Yayy! It’s week two. Time to quilt the next three trees. How did it go with the first two? Did you manage to quilt them? Please know that these blog posts and videos will stay online for long after the QAL. So take your time if you need to.
But if possible, I would encourage you to try to keep up with the quilting and quilt two blocks each week. It’s easier to learn a new skill when you get consistent on your practice. You will start to remember the settings on your machine, you will get the hang of moving your quilt around and you will start to build muscle memory for your quilting.
Are you ready? Let’s quilt some trees!
Here is the overview of the first four trees. I just can’t wait to see all those trees filled in.
In the video you will see me quilting all the designs for this week. I’ll give tips and tricks and instructions on how to move your rulers.
Below in this blog post you will find pictures and illustrations of the quilted designs as well of the alternatives that you could pick for your trees.
Quilting Tree 3
Today we start with a circle ruler. For tree 3 I used a 4 inch ruler from the Every Circle ruler set by Amanda Murphy. We will only quilt a partial circle to get used to the feeling of not quilting in a straight line.
Check out this weeks video for all the tips on how to hold your hands on a circle ruler.
On the left in the image below you see the completed design with scallops. When you don’t want to quilt with rulers, you could make wavy motions with free motion quilting. Or an organized or a random chevron pattern with straight line quilting.
Quilting Tree 4a
In our fourth block there are two trees and we are going to quilt two different quilting patterns in them. Let’s start with a circle ruler on tree 4a.
Mark a vertical line on the center of your tree. This will help you center the circles. In the video you will see me position the ruler and give tips on how to go from one circle to the next.
The idea is to start at the top. Quilt one full circle. And then quilt a half circle, to end at the bottom of the circle. Then you can move your ruler and quilt the next circle. So you will create first one string of circles from top to bottom. Then you move to the side and quilt another string of circles from bottom to top.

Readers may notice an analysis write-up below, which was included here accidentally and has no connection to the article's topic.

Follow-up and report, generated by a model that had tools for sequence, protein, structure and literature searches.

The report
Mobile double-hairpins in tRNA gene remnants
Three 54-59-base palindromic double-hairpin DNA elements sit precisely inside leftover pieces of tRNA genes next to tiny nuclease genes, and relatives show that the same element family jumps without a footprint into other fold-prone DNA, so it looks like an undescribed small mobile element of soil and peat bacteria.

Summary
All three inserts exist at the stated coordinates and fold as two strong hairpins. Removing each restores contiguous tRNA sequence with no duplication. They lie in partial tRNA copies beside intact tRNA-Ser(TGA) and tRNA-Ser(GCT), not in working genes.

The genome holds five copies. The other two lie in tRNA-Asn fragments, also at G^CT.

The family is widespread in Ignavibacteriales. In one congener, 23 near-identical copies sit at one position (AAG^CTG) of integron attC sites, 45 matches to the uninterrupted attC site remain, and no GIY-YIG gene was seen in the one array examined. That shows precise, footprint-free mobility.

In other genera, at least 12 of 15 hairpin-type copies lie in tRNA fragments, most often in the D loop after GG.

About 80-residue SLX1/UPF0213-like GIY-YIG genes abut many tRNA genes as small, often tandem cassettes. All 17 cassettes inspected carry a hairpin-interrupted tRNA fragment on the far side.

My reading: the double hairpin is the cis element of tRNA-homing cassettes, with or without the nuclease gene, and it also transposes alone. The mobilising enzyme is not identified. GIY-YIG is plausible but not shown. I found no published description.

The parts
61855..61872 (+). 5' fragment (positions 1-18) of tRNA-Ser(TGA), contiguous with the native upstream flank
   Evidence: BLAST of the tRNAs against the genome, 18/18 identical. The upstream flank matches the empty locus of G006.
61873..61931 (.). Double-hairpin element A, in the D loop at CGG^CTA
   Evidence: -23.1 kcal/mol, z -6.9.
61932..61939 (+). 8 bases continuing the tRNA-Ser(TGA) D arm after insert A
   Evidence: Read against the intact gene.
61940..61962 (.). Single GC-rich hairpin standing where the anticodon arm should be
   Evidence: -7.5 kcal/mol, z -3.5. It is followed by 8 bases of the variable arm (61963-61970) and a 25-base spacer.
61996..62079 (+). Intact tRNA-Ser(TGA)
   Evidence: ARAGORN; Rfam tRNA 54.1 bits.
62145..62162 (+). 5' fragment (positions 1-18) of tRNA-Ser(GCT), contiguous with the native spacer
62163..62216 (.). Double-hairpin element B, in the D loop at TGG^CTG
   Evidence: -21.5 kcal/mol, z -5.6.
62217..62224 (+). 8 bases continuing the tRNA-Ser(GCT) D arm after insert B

To create this circle pattern I used the inner circle of the 5 inch circle ruler from the Amanda Murphy circle ruler set.
As a alternative to quilting whole circles you could practice some more on the design from tree 3.
You could practice with making half circles that are stacked nicely on top of each other. This creates a clam shell pattern. The idea is the same as with tree 3, you quilt from left to right, from right to left.
Whit out a ruler you could make some horizontal markings and try free motion quilting this pattern.
Quilting Tree 4b
For the design in tree 4b we are going to practice our free motion quilting. This design is a variation on the organic straight lines we made on tree 1. Now we will add a little loop in the line every now and then.
You will make lines from top to bottom, just like with tree one. But make them a little more wavy. At the ‘belly’ of a wave you can move in a small circular motion to make a little loop. Try to make them to left and right to mix it up.
In the video I’m showing you how I quilted this and there i also give some tips on what to pay attention to.
These little loops on a string also look great on the horizontal.
When you’re not ready yet for loops in your free motion quilting you could try a variation on the pattern we made in tree 1. Maybe you could practice quilting in a different direction or making the lines closer together.
Want to quilt with straight lines? Maybe you can practice ‘matchstick quilting’ in tree 4b. That are straight lines quilted very close together. Give it a google to see some examples 🙂
When you look at other peoples work, it sometimes looks like it is just perfect. I would love to remind you that we all started somewhere. The more you practice, the more consistent your stitches will look. The easier it will get to maneuver your quilt. The better you will get at stitching over a specific line.
My work isn’t perfect. The Q16 does a very good job at keeping my stitches consistent, but i still have to steer and move my quilt in the right directions. I don’t think perfection should be the goal. Try to let go of perfection, try to go for learning and progress. And most of all, don’t forget to have fun!
Next week we will quilt with the Taj ruler and also fill a tree with an overall free motion design.
See you next week!